The Amazon/Hachette war in the publishing world has been raging in the writing blogosphere. Because I believe that the marketplace usually sorts out these problems over time, I don’t see the dispute as a moral problem, as some commentators do, but the fallout is important for writers, editors, publishers, and book sellers.
As a recap for readers who don’t follow publishing: Amazon and Hatchette (one of the Big 5 traditional publishing houses) have been unable to come to terms over how much Amazon will pay Hachette for books published by Hachette and offered on Amazon’s site. Because Hachette won’t agree to Amazon’s terms, Amazon has refused to permit pre-orders of Hachette books, not listed some Hachette authors, and lengthened delivery times on orders of Hachette books.
As a self-published author, I don’t care that much what happens to the big publishers like Hachette. The Big 5 do very little to find or nurture new authors, and don’t provide much marketing help if they do buy a new author’s book. They spend most of their resources promoting blockbuster authors.
I have chosen to self-publish—so far—because I want to maintain control over my writing at all stages, from editing through cover design through marketing. I control the content of my intellectual property and the timeline of its release. I am satisfied with surviving on my own efforts, to reap my own successes and failures.
The time spent finding a literary agent, then a publisher, then working through their in-house systems is largely wasted time for authors, in my opinion. But the power of the marketplace is that others can disagree, and pursue their own route.
In contrast to the large publishing houses, Amazon has been very hospitable to new authors. Amazon provides largely free resources for both ebook production (Kindle Direct Publishing) and print on demand (CreateSpace) books. With these resources, an author with just a little technical ability can take a finished work and have it on sale within a day or two.
And Amazon offers authors a 70% royalty on ebooks sold at price points between $2.99 and $9.99—far more than what traditional publishers offer.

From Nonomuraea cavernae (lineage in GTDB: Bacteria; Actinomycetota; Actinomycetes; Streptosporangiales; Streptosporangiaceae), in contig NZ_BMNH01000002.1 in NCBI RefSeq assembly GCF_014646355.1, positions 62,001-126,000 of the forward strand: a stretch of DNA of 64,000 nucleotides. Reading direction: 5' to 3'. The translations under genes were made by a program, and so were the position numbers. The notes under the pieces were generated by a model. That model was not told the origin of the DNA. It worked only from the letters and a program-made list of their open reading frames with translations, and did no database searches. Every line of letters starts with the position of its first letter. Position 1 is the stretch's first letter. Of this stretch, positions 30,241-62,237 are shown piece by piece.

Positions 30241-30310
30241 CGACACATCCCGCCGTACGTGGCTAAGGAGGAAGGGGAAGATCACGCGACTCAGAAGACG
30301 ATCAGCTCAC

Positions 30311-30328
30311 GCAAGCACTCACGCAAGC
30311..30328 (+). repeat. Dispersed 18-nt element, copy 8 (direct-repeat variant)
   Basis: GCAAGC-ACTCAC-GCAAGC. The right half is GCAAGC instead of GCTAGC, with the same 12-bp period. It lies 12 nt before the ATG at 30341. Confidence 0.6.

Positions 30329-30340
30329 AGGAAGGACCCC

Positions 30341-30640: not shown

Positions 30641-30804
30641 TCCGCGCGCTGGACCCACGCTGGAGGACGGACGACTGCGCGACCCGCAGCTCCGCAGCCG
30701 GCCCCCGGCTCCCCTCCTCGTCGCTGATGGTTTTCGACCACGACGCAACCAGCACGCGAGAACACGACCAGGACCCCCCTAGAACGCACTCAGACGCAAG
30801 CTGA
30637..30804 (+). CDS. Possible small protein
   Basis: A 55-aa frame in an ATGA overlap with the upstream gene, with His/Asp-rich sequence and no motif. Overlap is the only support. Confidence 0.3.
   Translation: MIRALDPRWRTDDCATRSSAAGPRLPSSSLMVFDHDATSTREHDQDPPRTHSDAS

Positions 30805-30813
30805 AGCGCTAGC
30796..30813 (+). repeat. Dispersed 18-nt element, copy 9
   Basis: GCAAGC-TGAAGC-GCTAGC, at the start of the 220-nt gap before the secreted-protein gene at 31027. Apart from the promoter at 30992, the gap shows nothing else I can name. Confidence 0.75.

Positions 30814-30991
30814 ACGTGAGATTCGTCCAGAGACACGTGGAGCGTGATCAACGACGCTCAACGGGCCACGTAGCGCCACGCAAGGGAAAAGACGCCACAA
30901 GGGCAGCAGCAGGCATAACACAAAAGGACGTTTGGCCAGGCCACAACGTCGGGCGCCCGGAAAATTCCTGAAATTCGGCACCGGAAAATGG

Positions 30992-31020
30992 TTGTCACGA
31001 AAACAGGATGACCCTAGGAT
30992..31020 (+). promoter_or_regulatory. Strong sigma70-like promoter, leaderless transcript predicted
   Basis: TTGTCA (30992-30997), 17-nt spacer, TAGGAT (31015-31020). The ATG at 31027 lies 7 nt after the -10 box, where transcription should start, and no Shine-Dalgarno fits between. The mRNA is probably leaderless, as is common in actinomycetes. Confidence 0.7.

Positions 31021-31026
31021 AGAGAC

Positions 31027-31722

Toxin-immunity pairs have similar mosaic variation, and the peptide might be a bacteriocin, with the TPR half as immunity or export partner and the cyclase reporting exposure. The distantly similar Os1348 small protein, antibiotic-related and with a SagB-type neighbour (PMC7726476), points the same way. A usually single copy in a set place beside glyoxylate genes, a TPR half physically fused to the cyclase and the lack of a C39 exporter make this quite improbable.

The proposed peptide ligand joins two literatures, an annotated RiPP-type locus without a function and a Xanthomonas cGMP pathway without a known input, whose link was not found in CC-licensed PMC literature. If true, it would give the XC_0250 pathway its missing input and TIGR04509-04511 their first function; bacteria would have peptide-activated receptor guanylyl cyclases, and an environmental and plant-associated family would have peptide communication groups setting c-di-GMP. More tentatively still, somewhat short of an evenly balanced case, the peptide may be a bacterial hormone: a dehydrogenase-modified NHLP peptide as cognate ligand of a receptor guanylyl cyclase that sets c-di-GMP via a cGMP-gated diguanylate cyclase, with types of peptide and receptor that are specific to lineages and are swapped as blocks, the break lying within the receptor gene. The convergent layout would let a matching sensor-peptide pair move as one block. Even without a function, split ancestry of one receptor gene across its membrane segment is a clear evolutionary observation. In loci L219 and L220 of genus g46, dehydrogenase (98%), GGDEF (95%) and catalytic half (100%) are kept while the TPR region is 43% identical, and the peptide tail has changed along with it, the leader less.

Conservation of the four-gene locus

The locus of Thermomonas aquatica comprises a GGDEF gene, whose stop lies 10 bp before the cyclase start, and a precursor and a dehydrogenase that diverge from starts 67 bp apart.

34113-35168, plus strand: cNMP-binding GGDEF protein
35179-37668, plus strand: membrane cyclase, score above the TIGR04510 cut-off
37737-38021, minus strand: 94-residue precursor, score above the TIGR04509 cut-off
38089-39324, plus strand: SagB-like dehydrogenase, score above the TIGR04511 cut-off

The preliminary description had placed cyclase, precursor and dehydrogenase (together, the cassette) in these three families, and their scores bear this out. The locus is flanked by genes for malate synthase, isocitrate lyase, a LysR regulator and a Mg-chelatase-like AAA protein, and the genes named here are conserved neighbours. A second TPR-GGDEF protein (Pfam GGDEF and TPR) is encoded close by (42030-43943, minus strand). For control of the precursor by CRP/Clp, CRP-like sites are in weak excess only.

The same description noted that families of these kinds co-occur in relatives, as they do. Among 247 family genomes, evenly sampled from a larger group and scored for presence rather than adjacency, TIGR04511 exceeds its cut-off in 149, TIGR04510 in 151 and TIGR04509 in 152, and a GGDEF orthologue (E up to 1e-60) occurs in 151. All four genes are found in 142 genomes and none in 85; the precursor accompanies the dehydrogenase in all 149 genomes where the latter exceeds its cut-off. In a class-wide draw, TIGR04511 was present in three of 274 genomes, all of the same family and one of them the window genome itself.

So why do I say I don’t have a dog in this fight . . . yet?
Because Amazon is the behemoth of the publishing world. At this point, Amazon sells over 40% of all books sold in the U.S., and 65% of all ebooks. Yes, there are many other suppliers of books, from physical book stores to other online marketers. But for the most part, authors have to figure out how to deal with Amazon to be successful.
For more on the state of the market, see Can Anyone Compete with Amazon?, by Jim Milliot, May 28, 2014, on Publishers Weekly.
Mr. Milliot states:
“Research conducted in March by the Codex Group found that in the month Amazon’s share of new book unit purchases was 41%, dominating 65% of all online new book units, print and digital. The company achieved that percentage by not only being the largest channel for e-books, where it had a 67% market share in March, but also by having a commanding slice of the sale of print books online, where its share in March was estimated at 64%.”
So writers are left with questions such as:
- Will Amazon reduce the royalties it pays to authors?
- Will Amazon stop carrying self-published books that don’t sell a certain number of copies?
- Will Amazon start charging for its KDP and CreateSpace services?.
No one know the answers to these questions, and the answers could change at any time.
All authors can do is follow the industry news and do what makes sense for their work at each point in their careers.
Just as any supplier of any product must do. Authors are suppliers of content for the reading marketplace. No more and no less.
How do you prepare for market upheavals that could impact your work?